Eye to Eye with Tahoe Forest Cancer Center’s Lawrence Heifetz
After entering medical school in the 1970s, Dr. Laurence Heifetz knew he wanted to practice what he deems “high-stakes medicine” and swiftly decided on oncology—cancer treatment. He began his career at the Cedars-Sinai Medical Center in Los Angeles, but moved to Truckee in 2006, when the Tahoe Forest Hospital founded its oncology program, to become the medical director at the Gene Upshaw Memorial Tahoe Forest Cancer Center. Heifetz also donates time to Operation U.S.A., an organization providing cancer studies and relief to developing countries. He and wife Daphne Palmer, the Cancer Center’s head radiation oncologist, have two children.
How is the Gene Upshaw Memorial Tahoe Forest Cancer Center emerging as a preeminent rural center for health care, particularly in oncology?
I think we have become a model for rural health care because we decided to become very transparent about what we don’t know. We have reached out to thought leaders outside the community for any questions that may arise. We have created a rock-solid relationship with the University of California, Davis Comprehensive Cancer Center. Therefore, we can be confident that the medicine we are practicing is state of the art.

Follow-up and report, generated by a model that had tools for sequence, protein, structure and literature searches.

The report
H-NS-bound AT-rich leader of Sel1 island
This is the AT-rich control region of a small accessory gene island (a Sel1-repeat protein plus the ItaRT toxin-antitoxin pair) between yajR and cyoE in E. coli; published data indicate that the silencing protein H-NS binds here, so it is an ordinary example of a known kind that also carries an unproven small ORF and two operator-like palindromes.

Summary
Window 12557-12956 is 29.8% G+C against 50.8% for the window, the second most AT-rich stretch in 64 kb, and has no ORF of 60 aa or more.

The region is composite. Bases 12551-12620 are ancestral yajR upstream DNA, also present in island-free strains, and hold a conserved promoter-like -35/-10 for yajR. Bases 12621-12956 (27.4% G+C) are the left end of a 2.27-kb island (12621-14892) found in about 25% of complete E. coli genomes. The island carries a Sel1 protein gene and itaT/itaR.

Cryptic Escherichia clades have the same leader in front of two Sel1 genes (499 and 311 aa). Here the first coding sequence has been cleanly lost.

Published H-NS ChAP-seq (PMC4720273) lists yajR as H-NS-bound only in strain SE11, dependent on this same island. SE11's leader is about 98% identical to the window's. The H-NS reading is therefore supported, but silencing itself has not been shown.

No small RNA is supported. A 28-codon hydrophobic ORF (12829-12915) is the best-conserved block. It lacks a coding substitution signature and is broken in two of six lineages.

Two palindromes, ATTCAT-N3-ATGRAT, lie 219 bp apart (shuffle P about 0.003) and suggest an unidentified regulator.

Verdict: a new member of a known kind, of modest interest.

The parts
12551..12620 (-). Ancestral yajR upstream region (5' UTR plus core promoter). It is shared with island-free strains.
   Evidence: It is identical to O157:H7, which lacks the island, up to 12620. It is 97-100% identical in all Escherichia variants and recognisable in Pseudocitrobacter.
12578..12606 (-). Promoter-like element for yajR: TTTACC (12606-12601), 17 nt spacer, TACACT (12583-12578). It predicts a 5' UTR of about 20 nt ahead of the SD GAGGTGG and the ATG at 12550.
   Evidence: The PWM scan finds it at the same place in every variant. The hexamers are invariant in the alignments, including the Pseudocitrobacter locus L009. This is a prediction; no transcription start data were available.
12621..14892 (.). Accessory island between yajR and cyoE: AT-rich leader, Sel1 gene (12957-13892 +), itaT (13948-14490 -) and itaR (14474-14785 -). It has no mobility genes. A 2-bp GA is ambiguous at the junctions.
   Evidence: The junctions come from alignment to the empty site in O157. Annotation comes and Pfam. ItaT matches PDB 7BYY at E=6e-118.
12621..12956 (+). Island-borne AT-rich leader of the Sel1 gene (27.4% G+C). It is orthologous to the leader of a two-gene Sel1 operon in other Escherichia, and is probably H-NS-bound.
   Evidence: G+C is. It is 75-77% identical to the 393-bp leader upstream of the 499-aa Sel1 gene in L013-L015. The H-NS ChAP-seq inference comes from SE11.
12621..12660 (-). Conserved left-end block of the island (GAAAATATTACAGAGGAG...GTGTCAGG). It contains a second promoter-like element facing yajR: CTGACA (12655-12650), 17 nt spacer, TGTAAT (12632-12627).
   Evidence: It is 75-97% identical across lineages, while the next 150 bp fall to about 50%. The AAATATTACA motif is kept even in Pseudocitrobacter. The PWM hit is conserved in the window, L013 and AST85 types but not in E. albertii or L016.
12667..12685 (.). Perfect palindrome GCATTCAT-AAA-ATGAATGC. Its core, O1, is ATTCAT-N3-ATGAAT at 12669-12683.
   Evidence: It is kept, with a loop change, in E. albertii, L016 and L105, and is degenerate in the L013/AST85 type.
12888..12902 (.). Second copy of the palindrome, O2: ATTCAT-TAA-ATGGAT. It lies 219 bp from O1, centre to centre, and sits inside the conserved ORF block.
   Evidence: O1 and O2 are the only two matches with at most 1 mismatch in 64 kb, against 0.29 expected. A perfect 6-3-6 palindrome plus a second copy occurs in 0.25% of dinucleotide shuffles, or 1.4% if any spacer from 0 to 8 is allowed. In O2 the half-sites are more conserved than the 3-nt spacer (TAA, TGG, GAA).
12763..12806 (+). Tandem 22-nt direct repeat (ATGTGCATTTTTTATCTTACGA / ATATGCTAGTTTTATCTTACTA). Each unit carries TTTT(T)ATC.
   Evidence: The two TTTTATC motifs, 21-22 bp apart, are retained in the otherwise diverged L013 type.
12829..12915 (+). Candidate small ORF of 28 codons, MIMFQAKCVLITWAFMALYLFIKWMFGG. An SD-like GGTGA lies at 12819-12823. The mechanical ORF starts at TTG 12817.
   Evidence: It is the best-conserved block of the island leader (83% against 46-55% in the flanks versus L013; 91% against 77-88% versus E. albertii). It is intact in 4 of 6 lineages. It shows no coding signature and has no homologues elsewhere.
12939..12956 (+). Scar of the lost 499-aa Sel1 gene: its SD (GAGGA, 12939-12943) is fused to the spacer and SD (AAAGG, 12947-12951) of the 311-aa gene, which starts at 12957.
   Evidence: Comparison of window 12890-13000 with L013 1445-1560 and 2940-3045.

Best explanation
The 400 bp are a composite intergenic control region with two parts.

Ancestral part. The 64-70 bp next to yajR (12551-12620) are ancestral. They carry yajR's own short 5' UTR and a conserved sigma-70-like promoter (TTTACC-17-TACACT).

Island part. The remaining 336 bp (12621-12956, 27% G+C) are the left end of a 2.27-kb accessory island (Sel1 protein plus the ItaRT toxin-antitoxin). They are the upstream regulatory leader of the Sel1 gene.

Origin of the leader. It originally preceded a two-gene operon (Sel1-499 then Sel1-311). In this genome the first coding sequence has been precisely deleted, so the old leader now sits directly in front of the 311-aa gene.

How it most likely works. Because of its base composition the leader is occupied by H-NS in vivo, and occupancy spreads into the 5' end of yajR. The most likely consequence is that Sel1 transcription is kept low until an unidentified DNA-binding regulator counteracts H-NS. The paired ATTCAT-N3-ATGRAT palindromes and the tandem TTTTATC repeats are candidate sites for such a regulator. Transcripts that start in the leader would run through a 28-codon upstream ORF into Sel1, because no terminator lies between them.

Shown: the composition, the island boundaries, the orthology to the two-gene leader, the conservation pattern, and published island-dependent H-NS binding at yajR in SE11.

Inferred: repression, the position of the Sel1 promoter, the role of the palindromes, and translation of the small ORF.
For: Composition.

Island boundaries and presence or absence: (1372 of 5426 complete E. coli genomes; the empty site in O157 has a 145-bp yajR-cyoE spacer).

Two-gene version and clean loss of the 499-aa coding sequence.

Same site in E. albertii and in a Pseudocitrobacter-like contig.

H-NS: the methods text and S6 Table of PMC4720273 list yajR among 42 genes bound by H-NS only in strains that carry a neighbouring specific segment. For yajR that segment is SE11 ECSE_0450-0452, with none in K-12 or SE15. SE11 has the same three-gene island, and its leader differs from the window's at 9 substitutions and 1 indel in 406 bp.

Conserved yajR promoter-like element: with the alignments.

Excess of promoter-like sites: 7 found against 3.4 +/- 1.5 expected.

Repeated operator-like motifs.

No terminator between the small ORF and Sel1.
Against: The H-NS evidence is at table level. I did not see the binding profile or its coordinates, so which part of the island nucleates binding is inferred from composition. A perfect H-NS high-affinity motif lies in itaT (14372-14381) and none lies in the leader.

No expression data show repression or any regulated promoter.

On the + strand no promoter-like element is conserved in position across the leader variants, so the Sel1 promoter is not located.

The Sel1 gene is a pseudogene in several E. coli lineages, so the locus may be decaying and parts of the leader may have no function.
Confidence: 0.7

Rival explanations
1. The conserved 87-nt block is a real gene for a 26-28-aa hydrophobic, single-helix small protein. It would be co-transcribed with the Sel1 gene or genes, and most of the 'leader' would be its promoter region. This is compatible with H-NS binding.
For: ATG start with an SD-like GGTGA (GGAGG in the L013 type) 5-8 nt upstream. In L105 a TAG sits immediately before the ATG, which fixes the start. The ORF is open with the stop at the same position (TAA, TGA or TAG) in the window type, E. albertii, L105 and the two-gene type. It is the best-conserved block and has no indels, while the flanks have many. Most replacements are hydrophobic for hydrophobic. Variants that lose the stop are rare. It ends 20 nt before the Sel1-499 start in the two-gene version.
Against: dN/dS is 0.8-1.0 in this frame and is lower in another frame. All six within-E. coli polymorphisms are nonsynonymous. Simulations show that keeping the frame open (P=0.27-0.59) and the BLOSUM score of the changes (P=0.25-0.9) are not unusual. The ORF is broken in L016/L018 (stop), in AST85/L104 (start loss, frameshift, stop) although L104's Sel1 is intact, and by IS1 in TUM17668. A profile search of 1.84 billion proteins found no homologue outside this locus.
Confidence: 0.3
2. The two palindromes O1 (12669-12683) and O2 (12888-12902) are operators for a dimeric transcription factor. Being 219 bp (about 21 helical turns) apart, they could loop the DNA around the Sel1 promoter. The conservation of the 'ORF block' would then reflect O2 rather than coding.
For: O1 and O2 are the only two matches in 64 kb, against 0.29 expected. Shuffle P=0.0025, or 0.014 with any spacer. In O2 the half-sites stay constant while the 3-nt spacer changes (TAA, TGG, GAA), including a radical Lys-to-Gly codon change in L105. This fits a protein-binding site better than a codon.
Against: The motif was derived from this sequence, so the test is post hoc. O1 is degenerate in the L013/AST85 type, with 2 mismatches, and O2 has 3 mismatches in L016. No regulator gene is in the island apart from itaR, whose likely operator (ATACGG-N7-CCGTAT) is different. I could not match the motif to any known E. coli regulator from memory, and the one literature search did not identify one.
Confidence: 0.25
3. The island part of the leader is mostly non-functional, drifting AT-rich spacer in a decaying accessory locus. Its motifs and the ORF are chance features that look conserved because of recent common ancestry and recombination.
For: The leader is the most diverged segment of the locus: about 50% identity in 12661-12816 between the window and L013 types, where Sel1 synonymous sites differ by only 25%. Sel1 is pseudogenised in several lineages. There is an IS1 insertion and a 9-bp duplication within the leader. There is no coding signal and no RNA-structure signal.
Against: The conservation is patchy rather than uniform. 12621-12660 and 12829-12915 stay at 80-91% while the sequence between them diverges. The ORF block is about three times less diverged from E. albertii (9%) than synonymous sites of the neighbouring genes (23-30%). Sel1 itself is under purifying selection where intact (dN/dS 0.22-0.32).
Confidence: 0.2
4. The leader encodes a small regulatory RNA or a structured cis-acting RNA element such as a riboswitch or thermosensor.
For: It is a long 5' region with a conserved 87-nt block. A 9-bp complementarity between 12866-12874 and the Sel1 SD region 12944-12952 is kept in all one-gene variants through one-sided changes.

How is the fight against cancer progressing? Will a cure be found?
The battle has changed dramatically over the past ten years due to the application of genetic engineering. At first, it was hypothetical, but now there are true applications. The new drugs coming out can target the genetic agents of the disease instead of the more broadly spectrumed chemotherapy. Drugs are oral instead of intravenous. There are side effects but they are different.
In terms of a cure, the cure rates are increasing and every six months the knowledge base alters as new drugs become available. If we can convert the acute disease to a chronic disease, we will have done a good job.
Can you talk about the most difficult and rewarding parts of your job?
The most difficult parts of the job are being able to maintain a clear head as you become emotionally attached to a patient’s situation, and establishing reasonable time limits for outcomes and the patient’s goals. The most rewarding part is achieving those goals.
Being married to Dr. Palmer, how do you separate the emotional difficulties of the workplace with your home life?
Actually, Daphne and I have developed the capacity to recognize each other’s professional experience and give each other space as needed. We are both so focused on patient care issues but we try to separate our professional life from our home life. Doing that is easier if your spouse understands the situation. I think I get more support from Daphne because she understands the world I operate in and vice versa.
What is your favorite part about living in Truckee/Tahoe?
Just look outside. The environment is incredibly beautiful.
How do you spend your free time?
I enjoy skiing, sailing, horseback riding and road biking. I like horseback riding on the Martis Peak fire road. In terms of skiing, I like a combination of Northstar, Squaw Valley and Homewood.
I also play the blues piano with a band called Martha and the Manfellas. You can catch us at Moody’s or at Cottonwood. When you are playing the piano, you are in another zone. The nonverbal communication between members of the band is flat-out fun. If the audience feels it, then it is even more fun.